Russia Cracks Down on News Reports, Sharply Reversing ‘Openness’
News organizations including The New York Times said they were halting operations in Russia after President Vladimir Putin signed a new censorship law last Friday. Fearing prosecution, independent Russian news outlets also announced they were shutting down.
Putin has long enforced authoritarian rule and tight grip on the news media, but the new law marked a clear departure from glasnost (Russian for “openness”), a government policy implemented in 1986 by the last Soviet leader, Mikhail S. Gorbachev.
Media censorship had been a defining feature of the Soviet Union since the days of Joseph Stalin. Under glasnost, a series of reforms lifted restrictions on free speech. Censorship was significantly relaxed, and literature that previously had been banned was permitted. News media outlets were allowed to openly criticize policy failures of past leaders and even expose the horrors of the repressive Stalin regime.
Today, glasnost is seen by experts as a well-intentioned but unsuccessful effort to revive and reform the Soviet Union. At the least, it didn't go as Gorbachev planned.
When Gorbachev came to power in the mid-1980s, the Soviet Union was in a period of economic stagnation and declining living standards. To achieve economic recovery, he first implemented economic reforms known as perestroika, or “restructuring.” Understanding that economic reforms were impossible to implement under the current political and social landscape, he then went on to introduce glasnost.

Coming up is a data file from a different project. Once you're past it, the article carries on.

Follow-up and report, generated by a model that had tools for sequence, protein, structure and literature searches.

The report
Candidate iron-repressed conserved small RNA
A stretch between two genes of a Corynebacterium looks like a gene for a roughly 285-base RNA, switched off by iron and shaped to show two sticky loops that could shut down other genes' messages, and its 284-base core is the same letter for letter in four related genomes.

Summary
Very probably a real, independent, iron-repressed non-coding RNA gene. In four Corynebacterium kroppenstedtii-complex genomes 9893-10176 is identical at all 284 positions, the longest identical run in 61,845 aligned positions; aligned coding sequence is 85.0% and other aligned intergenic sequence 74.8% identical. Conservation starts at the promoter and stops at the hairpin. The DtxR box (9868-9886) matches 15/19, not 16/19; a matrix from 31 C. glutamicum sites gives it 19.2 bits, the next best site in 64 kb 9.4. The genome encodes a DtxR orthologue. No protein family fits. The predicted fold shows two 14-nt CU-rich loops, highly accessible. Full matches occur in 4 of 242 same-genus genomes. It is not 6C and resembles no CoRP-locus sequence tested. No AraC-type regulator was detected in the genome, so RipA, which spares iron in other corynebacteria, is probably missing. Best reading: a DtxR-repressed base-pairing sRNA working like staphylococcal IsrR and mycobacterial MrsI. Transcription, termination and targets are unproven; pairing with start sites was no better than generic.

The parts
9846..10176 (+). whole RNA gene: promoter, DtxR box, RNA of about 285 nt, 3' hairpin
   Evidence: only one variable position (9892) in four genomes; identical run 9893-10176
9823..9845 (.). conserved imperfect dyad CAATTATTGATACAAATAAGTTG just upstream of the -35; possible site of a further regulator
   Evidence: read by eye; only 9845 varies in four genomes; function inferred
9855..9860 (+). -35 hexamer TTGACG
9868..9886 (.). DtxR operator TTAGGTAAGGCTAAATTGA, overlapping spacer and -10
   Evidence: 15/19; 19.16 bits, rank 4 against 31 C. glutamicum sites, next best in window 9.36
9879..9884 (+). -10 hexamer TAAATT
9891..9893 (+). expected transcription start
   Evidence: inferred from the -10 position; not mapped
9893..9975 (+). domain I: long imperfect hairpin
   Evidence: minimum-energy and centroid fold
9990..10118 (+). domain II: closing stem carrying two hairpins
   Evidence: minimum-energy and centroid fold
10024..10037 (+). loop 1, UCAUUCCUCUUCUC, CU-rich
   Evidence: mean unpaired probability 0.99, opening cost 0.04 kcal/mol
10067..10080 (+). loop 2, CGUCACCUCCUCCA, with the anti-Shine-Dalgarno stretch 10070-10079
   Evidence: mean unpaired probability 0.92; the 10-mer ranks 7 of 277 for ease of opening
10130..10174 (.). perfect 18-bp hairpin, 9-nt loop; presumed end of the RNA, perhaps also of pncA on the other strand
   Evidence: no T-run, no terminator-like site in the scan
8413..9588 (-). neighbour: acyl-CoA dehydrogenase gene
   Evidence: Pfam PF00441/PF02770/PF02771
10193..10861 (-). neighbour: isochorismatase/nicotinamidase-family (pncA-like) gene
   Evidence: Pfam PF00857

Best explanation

Gorbachev's reform efforts, meant to economically revive the Soviet Union, instead led to its dissolution. The loosening of controls over mass media and the freedom to form organized associations fostered nationalist movements and a demand for more democracy. Several Soviet republics began to demand independence, including the Russian Soviet Federative Socialist Republic, led by Boris Yeltsin, who pushed for market reforms, actual democracy and Russian sovereignty. In 1991, the leaders of three of the Soviet Union's largest republics, which later became Russia, Ukraine and Belarus, declared their nations' independence.
Glasnost faded amid the political and economic chaos of the 1990s, and in the early 2000s, Putin's government launched a systematic crackdown on free press.
Today, under Putin's new law, it is illegal to publish “false information” about what Mr. Putin calls a “special military operation” in Ukraine. Violators face up to 15 years in prison.
“Russia's new legislation seeks to criminalize independent, accurate news reporting about the war against Ukraine,” a rep for The New York Times said in a statement. “For the safety and security of our editorial staff working in the region, we are moving them out of the country for now.”
Global media companies are among many that have been pulling out of Russia in recent weeks following the invasion of Ukraine. McDonald's, PepsiCo, Coca-Cola and Starbucks were among the latest large corporations to suspend operations in Russia this week.
IREM OZTURAN, an intern at Retro Report, is a journalism and economics student at Northwestern University. This article first appeared in Retro Report's free weekly newsletter. Subscribe and receive lessons from history in your mailbox. Follow us on Twitter @RetroReport.